With my arrest last year over the destruction of the EV1s, I took community service because, since my protest was against the General Motors Corporation and not the government, it didn’t feel helpful to go to jail. Colette’s and my main goal of getting media attention to the crushing of electric cars had been accomplished with our blockade of the trucks. The civil disobedience and subsequent arrest got noticed all around the world.

I think community service is a great alternative to jail time for a lot of situations – it does give back to society and can be a rewarding experience for everyone. But when I am protesting my government, I choose jail. Read Martin Luther King Jr.’s Letter from a Birmingham Jail (easily googled) for more about civil disobedience.

Thank you for writing, and for your kind, supportive words.


Question #2:

Hi Alexandra!

I was wondering something while reading about your volunteer work in Mississippi after Hurricane Katrina. What was it like knowing that you are making a difference by helping out during a major time of need and taking care of all of those innocent animals? I saw pictures and read about some of it all on your site and i was so inspired by actions that i went to my local Animal Shelter and volunteered to help out there. Your such an influence to me and you’ve opened my eyes to many things. You are such a caring and giving person! I know you may hear people say that your an actress and an activist but has anybody ever said “Alexandra is not only all of that and more, but she’s also a hummanitariun?” (forgive me if my spelling is off on some words. Haha. I’m only 16. Lol)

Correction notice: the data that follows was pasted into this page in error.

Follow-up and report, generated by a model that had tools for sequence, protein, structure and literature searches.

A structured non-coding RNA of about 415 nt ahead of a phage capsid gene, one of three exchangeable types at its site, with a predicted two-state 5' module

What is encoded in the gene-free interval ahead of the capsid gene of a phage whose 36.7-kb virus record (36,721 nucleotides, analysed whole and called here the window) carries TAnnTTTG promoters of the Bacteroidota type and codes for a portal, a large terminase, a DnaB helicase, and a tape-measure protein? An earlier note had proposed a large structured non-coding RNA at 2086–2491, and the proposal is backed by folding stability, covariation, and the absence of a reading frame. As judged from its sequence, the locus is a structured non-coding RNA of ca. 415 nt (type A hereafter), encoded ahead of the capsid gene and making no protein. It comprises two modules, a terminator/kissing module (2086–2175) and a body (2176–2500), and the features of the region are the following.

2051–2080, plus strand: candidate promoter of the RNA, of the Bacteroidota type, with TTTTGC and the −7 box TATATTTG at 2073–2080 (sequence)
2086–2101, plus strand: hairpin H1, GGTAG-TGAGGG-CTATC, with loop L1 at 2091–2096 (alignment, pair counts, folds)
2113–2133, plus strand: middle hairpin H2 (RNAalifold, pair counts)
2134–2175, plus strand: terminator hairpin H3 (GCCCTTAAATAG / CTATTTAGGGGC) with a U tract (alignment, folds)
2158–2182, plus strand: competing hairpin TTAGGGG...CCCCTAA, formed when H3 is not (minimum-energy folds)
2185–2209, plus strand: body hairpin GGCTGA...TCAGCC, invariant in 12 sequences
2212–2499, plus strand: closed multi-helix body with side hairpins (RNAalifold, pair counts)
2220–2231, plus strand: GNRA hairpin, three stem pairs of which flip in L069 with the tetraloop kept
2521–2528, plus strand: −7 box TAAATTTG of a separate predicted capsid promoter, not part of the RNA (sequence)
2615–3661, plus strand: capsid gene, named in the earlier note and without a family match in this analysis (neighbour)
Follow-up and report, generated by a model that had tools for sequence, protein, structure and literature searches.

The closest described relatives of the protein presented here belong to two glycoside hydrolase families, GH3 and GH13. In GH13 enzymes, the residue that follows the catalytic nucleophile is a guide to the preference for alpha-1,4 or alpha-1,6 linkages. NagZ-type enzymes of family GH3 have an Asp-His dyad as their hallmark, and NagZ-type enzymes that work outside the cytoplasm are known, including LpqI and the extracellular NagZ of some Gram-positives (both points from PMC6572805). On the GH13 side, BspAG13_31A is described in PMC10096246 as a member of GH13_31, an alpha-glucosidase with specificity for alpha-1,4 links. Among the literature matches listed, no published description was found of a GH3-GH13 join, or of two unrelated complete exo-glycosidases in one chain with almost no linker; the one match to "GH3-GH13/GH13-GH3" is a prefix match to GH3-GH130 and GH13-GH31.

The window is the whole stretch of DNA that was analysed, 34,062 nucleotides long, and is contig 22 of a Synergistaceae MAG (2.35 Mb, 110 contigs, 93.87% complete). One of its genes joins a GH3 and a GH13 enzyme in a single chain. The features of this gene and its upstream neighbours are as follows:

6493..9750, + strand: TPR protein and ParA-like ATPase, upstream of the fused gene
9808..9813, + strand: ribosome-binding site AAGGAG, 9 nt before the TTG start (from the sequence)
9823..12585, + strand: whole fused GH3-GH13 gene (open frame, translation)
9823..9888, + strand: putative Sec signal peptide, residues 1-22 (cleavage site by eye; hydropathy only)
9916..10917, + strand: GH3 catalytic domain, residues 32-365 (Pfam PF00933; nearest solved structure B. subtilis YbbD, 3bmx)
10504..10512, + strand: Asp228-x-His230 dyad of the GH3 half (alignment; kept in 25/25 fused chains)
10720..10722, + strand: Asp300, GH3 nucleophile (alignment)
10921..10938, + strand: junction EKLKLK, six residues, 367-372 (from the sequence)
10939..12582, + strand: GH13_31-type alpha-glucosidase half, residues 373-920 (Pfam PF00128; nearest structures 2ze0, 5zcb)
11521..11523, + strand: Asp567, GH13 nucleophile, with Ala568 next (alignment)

Good Luck w/ everything you do and God Bless!


An Inspired Fan,


Dear Shaun,

How wonderful that you are volunteering with your local animal shelter! I am very impressed, especially
because you are 16 and already a humanitarian yourself!

I think the feelings I had in Mississippi are the same ones that you feel when you helping at your local
shelter. There is perhaps a bit more sense of urgency among the volunteers during a crisis, but the help you are giving the animals where you live is no less important and just as needed. In fact, I believe that true heroics and altruism is done when no one else notices, on an ordinary day like any other when it could be so easy just to go about our lives oblivious to the suffering of others. Sounds like what you are doing!